Also, note what happens when another human or canine approaches your dog. If your dog ducks, it indicates they’re uncomfortable in the situation.
You can view it like this: Imagine someone who has stage fright. All of a sudden they must go on stage. Just like that, no preparation, no nothing. Not a great combo, is it?
In this case, your dog could be using you as a shield. Between themselves and the world.
Like warriors in the past would do. No one would expose themselves because that would mean getting hurt or killed.
If you could see the world through your dog’s eyes several things will become clear. Maybe the loud traffic noise is too much. Or so many unfamiliar people and their dogs.
The next step then would be to…
#7: Expose your dog to a multitude of situations and people
You’ll have to help your dog build confidence. Gradually though. Otherwise, this approach will backfire.
Introduce your dog to new places, people, and other dogs step by step. And give treats to create positive associations with the new situations.
Over time, this should eliminate your dog’s worry. And they’ll start seeing strangers as something normal, even nice.
Eventually walks around the neighborhood will become a fun and safe activity for your dog.
#8: Don’t pull your dog on the leash, instead do this
There’s a danger to pulling your dog on the leash. It’s that your dog could start associating the walks with unpleasant feelings.
Instead, start working with your dog. Teach them that the leash means good things. Show them how to be excited about it.
Here’s how to do that:
Put the leash on and start playing with them
It’s crucial that your dog is okay with the leash. That they don’t try to bite it or get out of it in any way. In short: they shouldn’t see it as a burden or some kind of punishment.
Let’s take for example shelter dogs.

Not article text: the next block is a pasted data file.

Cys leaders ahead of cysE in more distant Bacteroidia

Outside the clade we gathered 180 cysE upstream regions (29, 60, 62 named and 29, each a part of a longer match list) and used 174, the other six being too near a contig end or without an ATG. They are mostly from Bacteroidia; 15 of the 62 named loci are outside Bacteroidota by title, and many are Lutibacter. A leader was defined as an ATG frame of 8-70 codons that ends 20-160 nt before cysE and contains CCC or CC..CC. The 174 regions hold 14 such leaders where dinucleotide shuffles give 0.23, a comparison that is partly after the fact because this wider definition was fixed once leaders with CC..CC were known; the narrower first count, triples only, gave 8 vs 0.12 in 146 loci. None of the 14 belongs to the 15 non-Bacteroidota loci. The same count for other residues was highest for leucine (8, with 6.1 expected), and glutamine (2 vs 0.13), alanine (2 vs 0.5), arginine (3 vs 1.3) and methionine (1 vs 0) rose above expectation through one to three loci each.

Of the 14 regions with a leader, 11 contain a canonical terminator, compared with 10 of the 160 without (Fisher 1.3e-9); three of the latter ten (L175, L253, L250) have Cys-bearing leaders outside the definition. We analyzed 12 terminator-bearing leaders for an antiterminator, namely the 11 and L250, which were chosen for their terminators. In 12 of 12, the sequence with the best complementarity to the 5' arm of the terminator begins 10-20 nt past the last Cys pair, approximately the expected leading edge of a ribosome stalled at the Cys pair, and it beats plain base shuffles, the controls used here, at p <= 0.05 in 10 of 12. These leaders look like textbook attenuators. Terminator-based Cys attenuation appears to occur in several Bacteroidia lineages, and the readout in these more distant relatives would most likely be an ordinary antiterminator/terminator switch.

Shelter dogs need a home. But if they don’t know the basics – such as leash training, and acting calm and collected, they rarely get adopted.
That’s why volunteers must make sure these dogs get familiar with the activities. So when someone wants to adopt them, it’s easier to work with the dog they’ve got.
This also reduces the chances that the dogs would be returned to the shelter.
So what we’ll do anytime during a visit, is to put a lead or a leash on the dogs. Then we let them roam in the shelter yard. And we give them dog snacks, affection, and play with them.
This might seem like something small. And it is. But it makes a big difference over time. All of this teaches the dog that having a leash on is not just normal, but also fun.
Put peanut butter on the leash
Dogs are fond of peanut butter. Putting some in a bathtub while you bathe them for the first time can do wonders. They focus on it and take the bath easier.
But peanut butter can be used as a treat also when leashing your dog. For them, it would be pleasant to lick it off the leash. Nice bonus, isn’t it?
Give exclusive treats
Select a special kind of tasty treats when you leash your dog. Don’t give these on any other occasion.
Take the leash off and ignore your dog
After you “throw a party” with the leash on, remove it. And stop interacting with your dog.
That will show them that all the attention and surprise treats they got are directly related to the leash.
#9: Monitor your dog
The cause of moving slowly could be a small injury. Or a serious medical condition.
If you suspect an injury, keep an eye on your dog. If you don’t see your dog getting back to normal in 24 hours, give your vet a visit.